These are the elements that show everyone what "good" looks like in a school. 

The 2017 MCIEA School Quality Framework also created standards (or “quality measures”), but they added survey questions that could be used to measure compliance. Here’s one measure with a sample of questions (out of 18) that teachers were asked:

Measure 1: Teachers and Leadership 

Are skilled teachers working together with supportive administrators?

  • Are teachers supported in their development as professionals?
  • How prepared are you for teaching the topics that you are expected to teach in your assignment?
  • To what extent to you trust your principal at his or her word?
  • At your school, how comfortable are you raising concerns with the principal?
  • How much does your principal know about what's going on in the teacher's classrooms? 

As Douglas Reeves has pointed out, you measure the things you care about. Defining the elements of a standard, defining the “good,” is an exercise that helps a school clarify its mission, goals and values. It also creates consensus around various policies and practices in the school.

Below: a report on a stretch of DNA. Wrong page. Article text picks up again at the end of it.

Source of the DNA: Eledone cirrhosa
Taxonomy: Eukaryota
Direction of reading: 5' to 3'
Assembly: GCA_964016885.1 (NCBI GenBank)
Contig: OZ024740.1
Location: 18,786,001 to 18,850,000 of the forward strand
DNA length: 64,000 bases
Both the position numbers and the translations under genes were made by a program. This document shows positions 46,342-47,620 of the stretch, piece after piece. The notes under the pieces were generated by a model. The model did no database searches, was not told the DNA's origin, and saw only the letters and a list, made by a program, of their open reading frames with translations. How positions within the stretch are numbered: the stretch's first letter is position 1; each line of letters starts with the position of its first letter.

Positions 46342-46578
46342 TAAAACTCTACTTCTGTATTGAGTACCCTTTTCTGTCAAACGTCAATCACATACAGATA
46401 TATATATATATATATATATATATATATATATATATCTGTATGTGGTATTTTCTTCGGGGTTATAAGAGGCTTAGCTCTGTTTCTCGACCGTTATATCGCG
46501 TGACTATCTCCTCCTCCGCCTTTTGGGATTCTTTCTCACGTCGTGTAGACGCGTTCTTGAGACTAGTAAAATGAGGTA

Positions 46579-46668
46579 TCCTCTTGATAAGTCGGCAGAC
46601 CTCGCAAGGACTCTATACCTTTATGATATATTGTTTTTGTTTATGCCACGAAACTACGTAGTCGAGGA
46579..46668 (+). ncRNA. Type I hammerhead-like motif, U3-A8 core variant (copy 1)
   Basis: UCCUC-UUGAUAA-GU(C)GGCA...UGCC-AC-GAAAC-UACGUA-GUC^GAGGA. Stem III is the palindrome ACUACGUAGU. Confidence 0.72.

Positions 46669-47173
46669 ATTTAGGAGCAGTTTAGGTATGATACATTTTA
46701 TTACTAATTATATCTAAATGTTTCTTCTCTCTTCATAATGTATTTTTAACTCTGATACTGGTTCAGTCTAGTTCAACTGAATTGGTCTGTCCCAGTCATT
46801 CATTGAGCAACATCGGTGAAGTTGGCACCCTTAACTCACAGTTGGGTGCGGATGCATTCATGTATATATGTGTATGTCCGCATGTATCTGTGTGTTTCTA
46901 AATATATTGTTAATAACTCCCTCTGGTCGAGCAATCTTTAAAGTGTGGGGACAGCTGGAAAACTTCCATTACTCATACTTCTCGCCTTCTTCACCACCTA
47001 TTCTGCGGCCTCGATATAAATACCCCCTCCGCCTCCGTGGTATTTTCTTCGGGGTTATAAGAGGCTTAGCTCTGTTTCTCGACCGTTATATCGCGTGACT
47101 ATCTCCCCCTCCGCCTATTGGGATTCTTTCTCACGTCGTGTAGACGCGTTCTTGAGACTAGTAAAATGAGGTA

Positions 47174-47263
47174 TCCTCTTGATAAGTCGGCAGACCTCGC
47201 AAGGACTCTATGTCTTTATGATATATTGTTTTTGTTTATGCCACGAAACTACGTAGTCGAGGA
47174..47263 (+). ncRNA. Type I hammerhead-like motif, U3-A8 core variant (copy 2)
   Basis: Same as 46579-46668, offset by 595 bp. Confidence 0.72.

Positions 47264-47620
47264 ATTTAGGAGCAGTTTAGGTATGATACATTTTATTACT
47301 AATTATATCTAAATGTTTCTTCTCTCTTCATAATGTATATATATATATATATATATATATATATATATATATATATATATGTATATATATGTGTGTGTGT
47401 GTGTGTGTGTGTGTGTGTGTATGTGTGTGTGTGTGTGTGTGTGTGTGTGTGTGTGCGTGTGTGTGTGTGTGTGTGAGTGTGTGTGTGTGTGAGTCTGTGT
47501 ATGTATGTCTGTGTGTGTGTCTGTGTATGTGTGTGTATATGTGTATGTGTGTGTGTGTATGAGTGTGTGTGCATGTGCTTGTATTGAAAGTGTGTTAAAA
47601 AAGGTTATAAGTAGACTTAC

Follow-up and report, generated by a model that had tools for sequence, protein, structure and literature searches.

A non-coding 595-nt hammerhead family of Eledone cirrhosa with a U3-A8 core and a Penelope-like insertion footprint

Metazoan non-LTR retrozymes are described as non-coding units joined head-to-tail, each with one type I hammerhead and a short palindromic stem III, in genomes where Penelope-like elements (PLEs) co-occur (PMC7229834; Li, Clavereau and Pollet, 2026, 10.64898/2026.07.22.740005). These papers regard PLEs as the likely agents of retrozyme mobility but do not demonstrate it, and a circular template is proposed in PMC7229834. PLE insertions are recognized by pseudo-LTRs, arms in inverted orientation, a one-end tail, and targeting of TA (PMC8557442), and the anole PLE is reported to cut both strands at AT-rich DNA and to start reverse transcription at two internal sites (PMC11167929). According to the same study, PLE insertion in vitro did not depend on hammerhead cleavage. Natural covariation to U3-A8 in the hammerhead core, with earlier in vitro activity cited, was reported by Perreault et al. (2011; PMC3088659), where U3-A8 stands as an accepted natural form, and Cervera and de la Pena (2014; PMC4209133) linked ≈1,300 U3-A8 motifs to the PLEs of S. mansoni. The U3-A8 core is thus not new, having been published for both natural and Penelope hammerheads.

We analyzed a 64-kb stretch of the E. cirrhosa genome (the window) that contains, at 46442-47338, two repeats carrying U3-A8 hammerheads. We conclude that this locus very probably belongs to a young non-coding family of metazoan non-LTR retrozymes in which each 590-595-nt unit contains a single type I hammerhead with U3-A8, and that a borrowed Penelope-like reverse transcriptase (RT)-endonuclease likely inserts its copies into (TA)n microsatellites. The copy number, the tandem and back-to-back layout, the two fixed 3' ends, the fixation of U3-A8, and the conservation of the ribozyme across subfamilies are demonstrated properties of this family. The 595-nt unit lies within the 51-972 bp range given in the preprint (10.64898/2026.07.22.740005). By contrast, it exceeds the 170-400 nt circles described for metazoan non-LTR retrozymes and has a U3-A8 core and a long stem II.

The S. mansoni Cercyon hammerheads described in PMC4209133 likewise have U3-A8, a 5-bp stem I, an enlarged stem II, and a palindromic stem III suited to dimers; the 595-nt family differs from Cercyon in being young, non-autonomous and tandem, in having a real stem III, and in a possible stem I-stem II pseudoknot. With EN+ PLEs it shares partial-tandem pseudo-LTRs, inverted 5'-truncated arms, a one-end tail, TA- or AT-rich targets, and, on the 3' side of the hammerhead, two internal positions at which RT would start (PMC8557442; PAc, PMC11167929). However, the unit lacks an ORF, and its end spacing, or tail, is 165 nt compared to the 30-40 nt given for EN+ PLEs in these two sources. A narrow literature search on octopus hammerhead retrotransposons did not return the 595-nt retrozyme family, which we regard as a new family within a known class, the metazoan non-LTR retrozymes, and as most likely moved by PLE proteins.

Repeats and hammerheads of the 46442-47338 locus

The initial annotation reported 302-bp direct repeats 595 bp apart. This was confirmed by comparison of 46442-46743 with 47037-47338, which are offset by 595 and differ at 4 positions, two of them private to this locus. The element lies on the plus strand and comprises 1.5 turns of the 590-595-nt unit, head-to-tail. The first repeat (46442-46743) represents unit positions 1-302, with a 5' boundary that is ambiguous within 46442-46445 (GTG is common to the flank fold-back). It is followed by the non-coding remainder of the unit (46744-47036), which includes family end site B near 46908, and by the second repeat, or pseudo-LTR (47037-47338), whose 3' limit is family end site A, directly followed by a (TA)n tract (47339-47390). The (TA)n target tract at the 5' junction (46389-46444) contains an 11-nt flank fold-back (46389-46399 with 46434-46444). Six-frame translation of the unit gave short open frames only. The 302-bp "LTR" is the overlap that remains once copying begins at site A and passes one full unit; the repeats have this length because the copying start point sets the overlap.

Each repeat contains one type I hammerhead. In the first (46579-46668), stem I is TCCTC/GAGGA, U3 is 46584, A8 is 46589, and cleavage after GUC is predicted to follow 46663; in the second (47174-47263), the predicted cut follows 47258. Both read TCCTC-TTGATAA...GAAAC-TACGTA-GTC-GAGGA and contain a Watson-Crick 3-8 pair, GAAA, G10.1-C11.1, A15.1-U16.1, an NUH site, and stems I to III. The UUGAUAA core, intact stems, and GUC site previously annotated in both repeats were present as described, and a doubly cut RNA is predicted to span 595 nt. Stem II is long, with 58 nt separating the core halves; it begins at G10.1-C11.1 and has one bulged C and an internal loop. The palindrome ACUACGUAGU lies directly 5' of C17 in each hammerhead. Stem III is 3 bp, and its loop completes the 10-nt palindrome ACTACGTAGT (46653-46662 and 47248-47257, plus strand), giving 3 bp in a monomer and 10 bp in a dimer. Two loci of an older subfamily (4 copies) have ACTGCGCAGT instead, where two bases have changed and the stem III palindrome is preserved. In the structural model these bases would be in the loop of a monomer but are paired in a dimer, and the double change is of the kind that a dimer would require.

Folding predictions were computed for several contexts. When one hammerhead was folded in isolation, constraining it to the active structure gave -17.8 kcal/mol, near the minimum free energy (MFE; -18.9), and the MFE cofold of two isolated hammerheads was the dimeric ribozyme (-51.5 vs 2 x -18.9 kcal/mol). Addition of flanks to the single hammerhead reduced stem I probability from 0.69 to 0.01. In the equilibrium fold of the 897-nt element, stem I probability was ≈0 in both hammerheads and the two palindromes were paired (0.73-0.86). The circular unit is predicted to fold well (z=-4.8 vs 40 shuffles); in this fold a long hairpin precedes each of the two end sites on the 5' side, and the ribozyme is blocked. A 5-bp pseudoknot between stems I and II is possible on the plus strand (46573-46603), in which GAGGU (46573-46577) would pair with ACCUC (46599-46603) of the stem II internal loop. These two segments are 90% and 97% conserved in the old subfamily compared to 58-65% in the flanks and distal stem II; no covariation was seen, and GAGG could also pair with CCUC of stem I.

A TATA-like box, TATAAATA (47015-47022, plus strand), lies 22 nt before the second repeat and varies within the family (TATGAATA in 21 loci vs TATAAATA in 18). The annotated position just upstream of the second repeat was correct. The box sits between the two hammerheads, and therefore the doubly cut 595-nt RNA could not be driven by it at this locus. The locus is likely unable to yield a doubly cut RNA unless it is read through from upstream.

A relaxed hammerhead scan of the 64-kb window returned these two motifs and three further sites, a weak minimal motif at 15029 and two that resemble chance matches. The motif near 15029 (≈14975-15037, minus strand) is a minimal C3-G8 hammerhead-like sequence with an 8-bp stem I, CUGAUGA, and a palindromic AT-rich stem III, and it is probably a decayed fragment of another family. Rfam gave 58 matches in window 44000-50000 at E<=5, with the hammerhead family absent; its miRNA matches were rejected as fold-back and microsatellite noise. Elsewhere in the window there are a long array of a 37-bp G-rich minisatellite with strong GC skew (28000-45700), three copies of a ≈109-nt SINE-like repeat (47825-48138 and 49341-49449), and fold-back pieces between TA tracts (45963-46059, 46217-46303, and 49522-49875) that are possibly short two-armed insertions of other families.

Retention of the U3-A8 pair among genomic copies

Setting Schoolwide Standards 

What does it take to create, follow and measure a set of standards in all areas of school operations? Step one is humility: If people are telling you something is broken, thank them for giving you the opportunity to take a fresh look at things. Step two is to acknowledge that doing so is part of fulfilling one’s professional responsibilities. Step three is get excited: This is a project that will be benefit the entire school community.

The next time you or others get upset about something your colleagues, teachers or administrators do, please know that looking to the sky, rolling your eyes, and asking “What were they thinking?!” or “Why did they think that was okay?!” are actually great questions. Because underlying the frustration, there is a powerful question that has the potential to transform your school: “What is our definition of good?”